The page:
Rwanda plans to import 30MW of power from Kenya in a bid to address the energy needs of the growing manufacturing sector and bring down power costs.
The two countries have started negotiations that are expected to pave the way for power purchase agreements. Thereafter, Rwanda should start receiving power from Kenya by June 2015.
The 30MW will be almost twice what Rwanda imports from Uganda and the Democratic Republic of Congo. Rwanda imports a combined total of 17MW from DR Congo and Uganda annually. The imports could increase further when the country completes its high voltage power projects.
However, the importation of power will require Uganda and Rwanda to upgrade the capacity of their power transmission lines from the current 220kV to 400kV like Kenya’s.
The higher voltage transmission lines, according to analysts, should allow the three countries — which still grapple with energy defecits that have slowed industrial growth in the region — to partly address the problem.
“Upgrading the transmission lines to 400kV will allow Rwanda to address the current power shortages but also export when there is excess,” said Ntare Karitanyi, chief executive of Energy Water and Sanitation Authority (EWSA).
Before the transmission lines are upgraded, at least $2 billion (Rwf1.3 trillion) will be spent on feasibility studies in Uganda and Rwanda. The two countries are required to source for the funding.
The objective of the studies is to carry out technical analysis of the 400kV systems and financial and economic analyses of the project, then propose a road map for implementation of the project.
Rwanda has started construction of the interconnection lines with neighbouring countries. There is a line from Birembo in Rwanda to Mirama Hills in Uganda. These lines will increase the country’s access to cheaper energy sources from the region.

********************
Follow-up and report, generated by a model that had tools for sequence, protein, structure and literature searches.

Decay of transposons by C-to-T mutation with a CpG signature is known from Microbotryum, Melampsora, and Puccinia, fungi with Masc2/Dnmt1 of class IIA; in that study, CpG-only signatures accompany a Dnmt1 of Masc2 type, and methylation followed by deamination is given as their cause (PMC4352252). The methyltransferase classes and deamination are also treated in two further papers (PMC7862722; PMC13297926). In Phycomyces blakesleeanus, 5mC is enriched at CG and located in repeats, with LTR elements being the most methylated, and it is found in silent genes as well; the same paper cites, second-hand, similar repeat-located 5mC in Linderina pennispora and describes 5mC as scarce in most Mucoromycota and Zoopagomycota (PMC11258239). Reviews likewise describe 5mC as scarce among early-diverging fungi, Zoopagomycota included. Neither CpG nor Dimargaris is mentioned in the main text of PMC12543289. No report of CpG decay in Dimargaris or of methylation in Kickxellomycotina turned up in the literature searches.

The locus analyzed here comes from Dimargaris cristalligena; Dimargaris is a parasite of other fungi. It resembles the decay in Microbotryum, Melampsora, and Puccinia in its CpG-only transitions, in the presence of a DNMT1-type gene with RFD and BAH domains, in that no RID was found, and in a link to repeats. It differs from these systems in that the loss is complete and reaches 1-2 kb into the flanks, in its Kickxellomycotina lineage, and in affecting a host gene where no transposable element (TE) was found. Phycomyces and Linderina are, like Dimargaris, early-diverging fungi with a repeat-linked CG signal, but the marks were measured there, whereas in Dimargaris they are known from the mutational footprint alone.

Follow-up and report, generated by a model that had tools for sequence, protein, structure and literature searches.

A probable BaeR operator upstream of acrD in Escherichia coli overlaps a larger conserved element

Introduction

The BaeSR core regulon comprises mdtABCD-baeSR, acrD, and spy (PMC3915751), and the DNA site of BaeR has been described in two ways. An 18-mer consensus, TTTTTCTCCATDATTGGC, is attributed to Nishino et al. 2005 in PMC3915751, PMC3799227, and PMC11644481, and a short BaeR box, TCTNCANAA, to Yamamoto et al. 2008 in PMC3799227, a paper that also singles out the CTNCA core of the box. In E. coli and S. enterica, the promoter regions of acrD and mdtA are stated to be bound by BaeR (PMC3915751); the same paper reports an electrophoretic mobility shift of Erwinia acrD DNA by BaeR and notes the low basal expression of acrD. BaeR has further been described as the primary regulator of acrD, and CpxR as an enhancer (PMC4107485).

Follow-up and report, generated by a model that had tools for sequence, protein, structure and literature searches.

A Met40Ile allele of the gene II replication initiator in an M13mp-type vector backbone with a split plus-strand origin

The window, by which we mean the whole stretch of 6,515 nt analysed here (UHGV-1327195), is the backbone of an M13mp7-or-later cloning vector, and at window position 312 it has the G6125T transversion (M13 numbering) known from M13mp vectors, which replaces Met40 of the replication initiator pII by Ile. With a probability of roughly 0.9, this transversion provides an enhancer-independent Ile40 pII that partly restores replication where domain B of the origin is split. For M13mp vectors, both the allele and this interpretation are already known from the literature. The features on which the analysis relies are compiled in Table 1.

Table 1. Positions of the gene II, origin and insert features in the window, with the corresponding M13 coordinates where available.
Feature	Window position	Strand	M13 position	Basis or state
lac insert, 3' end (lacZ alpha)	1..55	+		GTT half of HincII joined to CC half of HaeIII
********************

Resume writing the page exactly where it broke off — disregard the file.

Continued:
In another project aimed at boosting energy supply, studies for the transmission line with Tanzania are already complete and will be implemented after the environmental impact assessment is carried out.
Without its own major power generation plants, the country spends Rwf190 million monthly on importing power, which translates into Rwf2.8 billion annually. Another Rwf40 billion is spent on running the thermal power plants that produce almost half of the energy needs of the country.
The heavy reliance on thermal power pushes up the country’s energy costs. In Rwanda, consumers are paying $0.22 per kilowatt-hour (KWh), compared with $0.08 to $0.10 in the rest of the region, according to World Bank figures.
The World Bank said Rwanda experiences the highest number of power outages, with an average of 14 blackouts per month, followed by Burundi and Tanzania, both with 12. Ugandans experience 11 blackouts a month. Kenya’s power grid is more reliable, but still experiences an average of seven blackouts a month.
The Rwanda Utilities Regulatory Authority said that the country exports power valued at Rwf12 million monthly to Uganda through the Cyanika-Gisoto line. The study is also expected to address the power losses in the two countries.